The inaugural 2016 Sustainable Transportation Summit will serve as a forum to share ideas and perspectives on opportunities to accelerate the commercialization and deployment of advanced transportation technologies and smart mobility systems over the next decade.
The 2016 National Algal Biofuels Technology Review, which was just released today, captures the exciting achievements of the field of algal biofuels, as well as articulates new challenges, lessons learned, and critical next steps.
The Energy Department's Bioenergy Technologies Office (BETO) works to enable a sustainable bioenergy industry that protects natural resources and advances environmental, economic, and social benefits. BETO recently sponsored a five-day Bioenergy Study Tour of the southeastern United States to highlight innovations that are bringing the industry one step closer to these goals.
The U.S. Department of Energy’s (DOE’s) recent Co-Optimization of Fuels and Engines Initiative (Co-Optima) seeks to combine previously independent areas of biofuels and engine-combustion research and development to design new fuels and engines that are co-optimized—designed in tandem to maximize vehicle performance and carbon efficiency.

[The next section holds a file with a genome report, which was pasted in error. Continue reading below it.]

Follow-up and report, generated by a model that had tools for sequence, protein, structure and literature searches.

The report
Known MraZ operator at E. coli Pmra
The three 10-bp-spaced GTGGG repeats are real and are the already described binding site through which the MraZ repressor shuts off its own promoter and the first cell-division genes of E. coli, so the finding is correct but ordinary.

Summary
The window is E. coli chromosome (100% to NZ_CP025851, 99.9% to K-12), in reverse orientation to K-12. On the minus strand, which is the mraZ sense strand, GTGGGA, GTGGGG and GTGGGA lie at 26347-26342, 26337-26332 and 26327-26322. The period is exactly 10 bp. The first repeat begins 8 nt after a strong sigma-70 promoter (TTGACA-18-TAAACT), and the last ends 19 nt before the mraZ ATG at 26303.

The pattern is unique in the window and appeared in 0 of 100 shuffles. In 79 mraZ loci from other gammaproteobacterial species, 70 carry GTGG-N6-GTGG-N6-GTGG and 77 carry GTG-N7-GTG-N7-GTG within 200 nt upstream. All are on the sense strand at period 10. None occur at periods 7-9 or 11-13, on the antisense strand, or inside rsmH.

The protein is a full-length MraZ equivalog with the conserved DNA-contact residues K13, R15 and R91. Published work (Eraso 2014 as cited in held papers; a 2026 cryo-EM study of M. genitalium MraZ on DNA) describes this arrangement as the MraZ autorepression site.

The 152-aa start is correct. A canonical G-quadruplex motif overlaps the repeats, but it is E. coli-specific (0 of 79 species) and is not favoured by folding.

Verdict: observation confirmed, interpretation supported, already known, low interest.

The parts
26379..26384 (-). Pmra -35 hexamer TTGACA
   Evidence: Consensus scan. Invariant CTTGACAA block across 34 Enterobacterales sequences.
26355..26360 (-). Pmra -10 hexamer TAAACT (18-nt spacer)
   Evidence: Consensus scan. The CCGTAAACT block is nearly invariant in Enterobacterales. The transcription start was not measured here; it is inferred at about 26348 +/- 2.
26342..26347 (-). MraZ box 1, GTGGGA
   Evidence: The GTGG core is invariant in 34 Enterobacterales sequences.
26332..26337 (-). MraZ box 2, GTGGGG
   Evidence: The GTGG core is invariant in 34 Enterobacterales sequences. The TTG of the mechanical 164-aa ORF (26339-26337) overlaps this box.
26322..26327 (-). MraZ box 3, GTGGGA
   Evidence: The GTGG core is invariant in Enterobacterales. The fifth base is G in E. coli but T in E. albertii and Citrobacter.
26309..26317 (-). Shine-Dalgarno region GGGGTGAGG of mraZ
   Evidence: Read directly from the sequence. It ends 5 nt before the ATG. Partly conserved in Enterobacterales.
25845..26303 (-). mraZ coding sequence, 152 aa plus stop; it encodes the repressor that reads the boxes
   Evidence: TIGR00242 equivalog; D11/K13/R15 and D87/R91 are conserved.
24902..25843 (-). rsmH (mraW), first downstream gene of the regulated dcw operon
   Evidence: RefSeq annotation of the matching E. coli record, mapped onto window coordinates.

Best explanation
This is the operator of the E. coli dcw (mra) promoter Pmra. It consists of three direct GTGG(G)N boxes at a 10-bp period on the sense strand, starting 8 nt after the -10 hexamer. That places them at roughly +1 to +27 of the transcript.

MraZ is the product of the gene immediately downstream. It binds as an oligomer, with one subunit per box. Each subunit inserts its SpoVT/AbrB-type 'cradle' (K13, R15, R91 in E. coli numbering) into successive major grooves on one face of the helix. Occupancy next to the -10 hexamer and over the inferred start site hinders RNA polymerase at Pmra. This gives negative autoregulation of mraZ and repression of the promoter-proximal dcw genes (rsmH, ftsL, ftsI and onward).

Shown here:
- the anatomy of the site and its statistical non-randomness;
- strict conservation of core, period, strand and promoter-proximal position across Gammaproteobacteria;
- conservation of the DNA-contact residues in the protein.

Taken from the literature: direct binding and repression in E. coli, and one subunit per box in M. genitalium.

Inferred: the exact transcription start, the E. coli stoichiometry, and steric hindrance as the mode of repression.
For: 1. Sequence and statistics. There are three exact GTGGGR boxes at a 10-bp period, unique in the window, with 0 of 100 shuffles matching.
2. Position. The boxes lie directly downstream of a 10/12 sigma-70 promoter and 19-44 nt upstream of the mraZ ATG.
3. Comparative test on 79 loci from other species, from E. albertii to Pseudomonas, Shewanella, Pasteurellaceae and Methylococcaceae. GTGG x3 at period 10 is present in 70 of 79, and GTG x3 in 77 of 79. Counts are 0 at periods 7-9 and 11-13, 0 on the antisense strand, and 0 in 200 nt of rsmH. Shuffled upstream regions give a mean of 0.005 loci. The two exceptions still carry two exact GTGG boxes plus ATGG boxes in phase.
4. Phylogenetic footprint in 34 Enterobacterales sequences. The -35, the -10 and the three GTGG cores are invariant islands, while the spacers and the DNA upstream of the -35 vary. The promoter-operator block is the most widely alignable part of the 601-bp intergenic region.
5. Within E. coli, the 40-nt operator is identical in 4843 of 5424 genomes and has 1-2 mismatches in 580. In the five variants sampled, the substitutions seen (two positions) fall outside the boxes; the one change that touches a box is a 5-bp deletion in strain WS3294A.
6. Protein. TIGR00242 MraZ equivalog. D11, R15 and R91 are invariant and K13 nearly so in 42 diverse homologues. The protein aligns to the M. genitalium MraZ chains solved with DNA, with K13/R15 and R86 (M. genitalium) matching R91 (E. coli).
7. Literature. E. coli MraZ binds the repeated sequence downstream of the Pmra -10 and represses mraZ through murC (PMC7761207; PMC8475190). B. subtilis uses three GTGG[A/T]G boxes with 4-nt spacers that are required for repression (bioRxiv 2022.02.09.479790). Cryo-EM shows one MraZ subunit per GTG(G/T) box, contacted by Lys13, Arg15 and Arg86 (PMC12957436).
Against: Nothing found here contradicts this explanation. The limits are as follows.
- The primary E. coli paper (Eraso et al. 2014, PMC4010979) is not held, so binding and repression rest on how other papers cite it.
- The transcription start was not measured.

Through a project supported by the Energy Department’s Vehicle Technologies Office, researchers at Stanford University have been able to produce silicon structures for lithium-ion batteries from rice husks, a waste product of this ubiquitous agricultural crop.
Advances in synthetic biology—which involves engineering biological systems for new uses—can offer innovative solutions to improve advanced biofuel production. This, in turn, can speed up the development and commercialization of biofuels, making them attractive and affordable to industrial manufacturers.
It will cost about $600 billion over the next 20 years to continue reliably transporting and treating wastewater, according to the Environmental Protection Agency (EPA). Find out how the Department of Energy collaborated with the National Science Foundation and EPA to explore a smarter future for water treatment.
Recently I had the pleasure of briefing members of Congress on EERE’s groundbreaking fuel-engine co-optimization initiative. The new, multi-year project combines previously independent areas of biofuels and engine combustion research and development (R&D) to design new fuels and engines that are co-optimized—designed in tandem to both maximize vehicle performance and carbon efficiency.
This week at the Advanced Bioeconomy Leadership Conference, the U.S. Department of Agriculture’s (USDA) Chief Scientist, Dr. Catherine Woteki, announced the release of the Federal Activities Report on the Bioeconomy. This report was developed to inform Americans of current federal agency activities that are helping to develop and support what we call the "bioeconomy"--an emerging part of the U.S. economy that relies on renewable biological resources to produce fuels, power, and bio-based products.